Use the marketing funnel to measure, then to plan

The marketing funnel continues to be one of the most challenging aspects of any of the digital, social, and analytics classes that I lead at General Assembly. There are a few points that should become clear after one has taken the time to learn and understand the funnel:

  • It’s just math
  • Everyone’s funnel is different
  • The key %s in the funnel change constantly
  • “Optimization” is the process of improving your funnel metrics
  • The funnel is a measurement and a planning tool

This last point is what I’ll address here. To do that, I’ll give a simple explanation of a hypothetical marketing funnel from a simple e-commerce business that sells widgets for $10 each. The owner emailed his entire list of 1,000 subscribers to inform them that the new widget was now available on his website. Twenty-five percent of his subscribers opened the email. Fifteen percent of them clicked on the “buy now” link. Of those 150 people who clicked (15% of 1,000), 33% (or 50) made a purchase of exactly one widget each. This website owner and widget salesman sold $500 worth of widgets. What’s his funnel look like?

  • Total target audience: 1,000
  • Open rate: 25%
  • Opens: 250
  • Click Through Rate (CTR): 15%
  • Clicks: 150
  • Conversion definition: purchase
  • Conversions: 50
  • Conversion rate: 33%
  • Average order amount: $10
  • Total revenue: $500

In that example, the funnel is a measurement tool that looks back to determine results. However, the funnel now becomes a planning tool for this widget website. Here’s how that works. If Mr. Widget wants to increase his revenue, he has several options. He can:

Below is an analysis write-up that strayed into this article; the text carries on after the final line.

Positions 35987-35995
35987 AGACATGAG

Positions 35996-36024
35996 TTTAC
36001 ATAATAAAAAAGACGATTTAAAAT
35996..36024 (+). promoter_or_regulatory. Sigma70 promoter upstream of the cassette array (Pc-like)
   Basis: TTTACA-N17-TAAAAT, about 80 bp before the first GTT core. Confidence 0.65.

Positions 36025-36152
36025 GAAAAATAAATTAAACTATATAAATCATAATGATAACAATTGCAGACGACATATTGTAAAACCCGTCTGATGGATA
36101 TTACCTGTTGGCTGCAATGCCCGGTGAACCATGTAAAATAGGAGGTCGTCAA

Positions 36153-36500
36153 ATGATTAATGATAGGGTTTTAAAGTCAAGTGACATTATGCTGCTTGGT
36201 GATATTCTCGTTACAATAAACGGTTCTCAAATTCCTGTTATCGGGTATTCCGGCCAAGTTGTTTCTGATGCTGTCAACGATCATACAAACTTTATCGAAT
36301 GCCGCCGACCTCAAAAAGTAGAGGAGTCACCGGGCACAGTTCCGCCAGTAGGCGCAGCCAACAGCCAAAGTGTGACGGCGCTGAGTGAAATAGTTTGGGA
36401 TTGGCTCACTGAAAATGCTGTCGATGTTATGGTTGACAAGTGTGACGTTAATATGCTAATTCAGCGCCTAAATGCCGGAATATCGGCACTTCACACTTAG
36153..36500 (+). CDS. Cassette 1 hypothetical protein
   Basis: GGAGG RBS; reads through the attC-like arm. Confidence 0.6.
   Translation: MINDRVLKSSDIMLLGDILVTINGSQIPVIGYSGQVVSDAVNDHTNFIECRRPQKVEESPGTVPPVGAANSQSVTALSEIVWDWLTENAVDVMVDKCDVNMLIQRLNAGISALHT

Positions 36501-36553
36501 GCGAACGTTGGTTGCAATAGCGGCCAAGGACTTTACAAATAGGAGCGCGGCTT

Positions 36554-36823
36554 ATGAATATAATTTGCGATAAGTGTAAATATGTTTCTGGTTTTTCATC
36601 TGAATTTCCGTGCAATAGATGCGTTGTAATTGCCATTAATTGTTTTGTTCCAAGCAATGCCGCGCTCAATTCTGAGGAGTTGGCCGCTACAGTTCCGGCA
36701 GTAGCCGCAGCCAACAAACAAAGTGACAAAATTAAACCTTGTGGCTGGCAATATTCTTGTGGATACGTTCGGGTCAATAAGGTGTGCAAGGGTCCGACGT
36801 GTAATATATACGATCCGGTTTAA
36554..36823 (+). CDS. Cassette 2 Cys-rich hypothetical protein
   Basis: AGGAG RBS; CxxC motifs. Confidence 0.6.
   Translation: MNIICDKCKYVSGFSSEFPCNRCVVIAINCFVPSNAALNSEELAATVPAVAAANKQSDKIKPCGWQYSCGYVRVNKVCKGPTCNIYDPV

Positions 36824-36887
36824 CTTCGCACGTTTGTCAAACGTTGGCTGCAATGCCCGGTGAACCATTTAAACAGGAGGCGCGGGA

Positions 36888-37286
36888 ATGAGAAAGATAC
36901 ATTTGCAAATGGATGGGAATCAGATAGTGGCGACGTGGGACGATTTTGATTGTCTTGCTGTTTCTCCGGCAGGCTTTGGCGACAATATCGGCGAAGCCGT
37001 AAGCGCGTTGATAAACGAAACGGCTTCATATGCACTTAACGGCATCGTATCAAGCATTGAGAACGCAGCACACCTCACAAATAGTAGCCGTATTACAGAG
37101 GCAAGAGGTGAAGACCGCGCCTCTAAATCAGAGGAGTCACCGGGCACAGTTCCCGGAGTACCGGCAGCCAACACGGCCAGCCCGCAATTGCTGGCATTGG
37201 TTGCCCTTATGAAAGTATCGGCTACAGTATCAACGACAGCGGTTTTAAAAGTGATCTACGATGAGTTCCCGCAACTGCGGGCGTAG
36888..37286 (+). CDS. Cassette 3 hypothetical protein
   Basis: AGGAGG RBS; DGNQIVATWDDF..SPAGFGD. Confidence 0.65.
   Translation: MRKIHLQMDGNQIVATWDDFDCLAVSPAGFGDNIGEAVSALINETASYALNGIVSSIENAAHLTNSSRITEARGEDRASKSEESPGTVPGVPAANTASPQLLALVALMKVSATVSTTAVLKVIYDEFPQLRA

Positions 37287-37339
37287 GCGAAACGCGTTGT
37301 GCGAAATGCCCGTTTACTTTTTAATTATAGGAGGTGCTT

• Improve his open rate by improving his email subject line
  • Improve his click through rate by testing a different call to action
  • Improve his conversion rate by making it easier to make a purchase
  • Increase his price to test price elasticity
  • Increase the number of email subscribers

If the Widget Master does not know the math of his funnel, he subsequently does not know where he could improve his business. Since he does have this math at his fingertips because he uses Google Analytics, he can plan for future campaigns. For example, he can focus his daily efforts on getting more website visitors to subscribe to his email list by providing great content to his email subscribers. If, over the course of time, he gains 500 new email subscribers, his funnel math could change like this:

  • Total target audience: 1,500
  • Open rate: 25%
  • Opens: 375
  • Click Through Rate (CTR): 15%
  • Clicks: 225
  • Conversion definition: purchase
  • Conversion rate: 33%
  • Conversions: 74
  • Average order amount: $10
  • Total revenue: $740

Not only might Mr. Widget increased his revenue, he is now able to plan intelligently for each email campaign using the math of the marketing funnel. Now, obviously, this is a simplified example, and no two campaigns will behave exactly the same; however, over time, digital campaigns will become consistent in their results because the people marketing them will learn what works and what doesn’t work. More importantly, marketers will do so using the actual historical measurements of results from the marketing funnel.

 

What do you think?